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Kinsley v. Berryhill

United States District Court, N.D. Alabama, Northwestern Division

September 14, 2018

ALICE KINSLEY, Plaintiff,
v.
NANCY BERRYHILL, Acting Commissioner of the Social Security Administration, Defendant.

          MEMORANDUM OPINION

          MADELINE HUGHES HAIKALA, UNITED STATES DISTRICT JUDGE.

         Pursuant to 42 U.S.C. §§ 405(g) and 1383(c), plaintiff Alice Kinsley seeks judicial review of a final adverse decision of the Commissioner of Social Security. The Commissioner denied Ms. Kinsley's claims for disability insurance benefits and for supplemental security income. After careful review, the Court reverses the Commissioner's decision.

         I. PROCEDURAL HISTORY

         Ms. Kinsley applied for disability insurance benefits and supplemental security income on June 9, 2015. (Doc. 7-3, p. 14; Doc. 7-5, pp. 30-31). Ms. Kinsley alleges that her disability began November 20, 2014. (Doc. 7-3, p. 14; Doc. 7-7, pp. 2-9). The Commissioner initially denied Ms. Kinsley's claims on September 23, 2015, and Ms. Kinsley requested a hearing before an Administrative Law Judge (ALJ). (Doc. 7-3, p. 14; Doc. 7-6, pp. 8-14). The ALJ issued an unfavorable decision on June 15, 2016. (Doc. 7-3, pp. 11-23). On May 22, 2017, the Appeals Council declined Ms. Kinsley's request for review (Doc. 7-3, p. 2), making the Commissioner's decision final and a proper candidate for this Court's judicial review. See 42 U.S.C. §§ 405(g) and 1383(c).

         II. STANDARD OF REVIEW

         The scope of review in this matter is limited. “When, as in this case, the ALJ denies benefits and the Appeals Council denies review, ” the Court “review[s] the ALJ's ‘factual findings with deference' and [his] ‘legal conclusions with close scrutiny.'” Riggs v. Comm'r of Soc. Sec., 522 Fed.Appx. 509, 510-11 (11th Cir. 2013) (quoting Doughty v. Apfel, 245 F.3d 1274, 1278 (11th Cir. 2001)).

         The Court must determine whether there is substantial evidence in the record to support the ALJ's factual findings. “Substantial evidence is more than a scintilla and is such relevant evidence as a reasonable person would accept as adequate to support a conclusion.” Crawford v. Comm'r of Soc. Sec., 363 F.3d 1155, 1158 (11th Cir. 2004). In evaluating the administrative record, the Court may not “decide the facts anew, reweigh the evidence, ” or substitute its judgment for that of the ALJ. Winschel v. Comm'r of Soc. Sec. Admin., 631 F.3d 1176, 1178 (11th Cir. 2011) (internal quotations and citation omitted). If substantial evidence supports the ALJ's factual findings, then the Court “must affirm even if the evidence preponderates against the Commissioner's findings.” Costigan v. Comm'r, Soc. Sec. Admin., 603 Fed.Appx. 783, 786 (11th Cir. 2015) (citing Crawford, 363 F.3d at 1158).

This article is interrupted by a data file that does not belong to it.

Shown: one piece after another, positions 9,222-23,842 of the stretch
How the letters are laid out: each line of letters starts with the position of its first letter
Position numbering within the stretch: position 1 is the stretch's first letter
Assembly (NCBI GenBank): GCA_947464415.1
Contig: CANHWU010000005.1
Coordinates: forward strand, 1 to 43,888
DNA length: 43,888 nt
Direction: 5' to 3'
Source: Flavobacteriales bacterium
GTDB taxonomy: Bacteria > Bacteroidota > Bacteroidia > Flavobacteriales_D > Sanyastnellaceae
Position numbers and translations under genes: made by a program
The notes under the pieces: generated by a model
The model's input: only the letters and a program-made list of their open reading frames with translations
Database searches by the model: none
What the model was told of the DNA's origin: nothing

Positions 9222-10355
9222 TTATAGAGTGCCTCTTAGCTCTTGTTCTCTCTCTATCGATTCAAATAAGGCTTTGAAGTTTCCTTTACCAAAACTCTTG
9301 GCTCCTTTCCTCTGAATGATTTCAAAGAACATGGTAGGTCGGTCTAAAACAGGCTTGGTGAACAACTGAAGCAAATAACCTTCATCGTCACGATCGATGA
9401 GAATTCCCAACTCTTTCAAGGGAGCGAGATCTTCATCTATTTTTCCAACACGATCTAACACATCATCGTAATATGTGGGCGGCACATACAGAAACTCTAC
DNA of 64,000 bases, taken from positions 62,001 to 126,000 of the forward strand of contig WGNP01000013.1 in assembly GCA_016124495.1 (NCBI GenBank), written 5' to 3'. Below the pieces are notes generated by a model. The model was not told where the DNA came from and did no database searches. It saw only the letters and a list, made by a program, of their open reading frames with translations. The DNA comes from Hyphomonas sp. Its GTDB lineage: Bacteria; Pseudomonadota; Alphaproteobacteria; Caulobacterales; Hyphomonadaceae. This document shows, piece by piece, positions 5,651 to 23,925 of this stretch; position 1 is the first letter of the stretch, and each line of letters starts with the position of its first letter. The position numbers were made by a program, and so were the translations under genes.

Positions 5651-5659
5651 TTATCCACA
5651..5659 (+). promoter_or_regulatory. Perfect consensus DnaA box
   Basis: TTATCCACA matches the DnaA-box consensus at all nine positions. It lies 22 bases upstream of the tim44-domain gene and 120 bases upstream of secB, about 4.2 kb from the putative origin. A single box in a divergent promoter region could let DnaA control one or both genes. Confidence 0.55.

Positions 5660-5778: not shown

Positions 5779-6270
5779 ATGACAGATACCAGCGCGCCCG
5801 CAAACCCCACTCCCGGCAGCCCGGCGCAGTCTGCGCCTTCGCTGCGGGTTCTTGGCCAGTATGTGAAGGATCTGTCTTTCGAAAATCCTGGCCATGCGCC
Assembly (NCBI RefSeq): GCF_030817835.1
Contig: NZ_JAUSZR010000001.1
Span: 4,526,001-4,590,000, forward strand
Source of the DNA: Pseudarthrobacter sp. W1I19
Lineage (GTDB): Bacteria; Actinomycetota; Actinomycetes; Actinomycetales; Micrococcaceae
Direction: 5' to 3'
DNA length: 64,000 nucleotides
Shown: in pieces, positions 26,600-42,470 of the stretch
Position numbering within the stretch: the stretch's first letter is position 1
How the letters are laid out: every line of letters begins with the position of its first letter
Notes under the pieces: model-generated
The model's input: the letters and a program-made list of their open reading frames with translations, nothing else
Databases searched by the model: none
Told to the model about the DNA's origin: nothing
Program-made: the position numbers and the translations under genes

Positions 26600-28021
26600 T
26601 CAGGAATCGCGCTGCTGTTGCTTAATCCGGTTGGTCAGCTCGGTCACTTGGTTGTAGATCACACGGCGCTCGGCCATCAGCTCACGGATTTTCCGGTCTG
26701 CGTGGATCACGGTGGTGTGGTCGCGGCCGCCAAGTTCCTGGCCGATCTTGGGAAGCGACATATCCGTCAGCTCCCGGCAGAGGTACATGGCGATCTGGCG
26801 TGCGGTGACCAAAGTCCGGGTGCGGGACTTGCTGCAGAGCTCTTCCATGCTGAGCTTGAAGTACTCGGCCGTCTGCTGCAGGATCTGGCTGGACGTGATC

With respect to the ALJ's legal conclusions, the Court must determine whether the ALJ applied the correct legal standards. If the Court finds an error in the ALJ's application of the law, or if the Court finds that the ALJ failed to provide sufficient reasoning to demonstrate that the ALJ conducted a proper legal analysis, then the Court must reverse the ALJ's decision. Cornelius v. Sullivan, 936 F.2d 1143, 1145-46 (11th Cir. 1991).

         III. SUMMARY OF THE ALJ'S DECISION

         To determine whether a claimant has proven that she is disabled, an ALJ follows a five-step sequential evaluation process. The ALJ considers:

(1) whether the claimant is currently engaged in substantial gainful activity; (2) whether the claimant has a severe impairment or combination of impairments; (3) whether the impairment meets or equals the severity of the specified impairments in the Listing of Impairments; (4) based on a residual functional capacity (“RFC”) assessment, whether the claimant can perform any of his or her past relevant work despite the impairment; and (5) whether there are significant numbers of jobs in the national economy that the claimant can perform given the claimant's RFC, age, education, and work experience.

Winschel, 631 F.3d at 1178.

         In this case, the ALJ found that Ms. Kinsley has not engaged in substantial gainful activity since November 20, 2014, the alleged onset date. (Doc. 7-3, p. 16). The ALJ determined that Ms. Kinsley suffers from the severe impairment of degenerative disc disease of the lumbar spine. (Doc. 7-3, p. 16). The ALJ also determined that Ms. Kinsley has the following non-severe impairments: Crohn's disease, COPD, and anxiety. (Doc. 7-3, pp. 16-17). Based on a review of the medical evidence, the ALJ concluded that Ms. Kinsley does not have an impairment or combination of impairments that meets or medically equals the severity of any of the listed impairments in 20 C.F.R. Part 404, Subpart P, Appendix 1. (Doc. 7-3, p. 18).

         In light of Ms. Kinsley's impairments, the ALJ evaluated Ms. Kinsley's residual functional capacity. The ALJ determined that Ms. Kinsley has the RFC to perform:

less than the full range of light work as defined in 20 CFR 404.1567(b) and 416.967(b) except she is limited to occasional balancing, stooping, kneeling, crouching, crawling and climbing ramps and stairs. She is limited to occupations which do not require climbing ropes, ladders or scaffolds. She must be afforded the option to sit and stand during the workday, one to two minutes every hour or so at the workstation. She should avoid exposure to dangerous, moving, unguarded machinery and exposure to unprotected heights.

(Doc. 7-3, p. 19).

         Based on this RFC, the ALJ concluded that Ms. Kinsley is able to perform her past relevant work as a cashier. (Doc. 7-3, p. 23). Accordingly, the ALJ determined that Ms. Kinsley has not been under a disability ...


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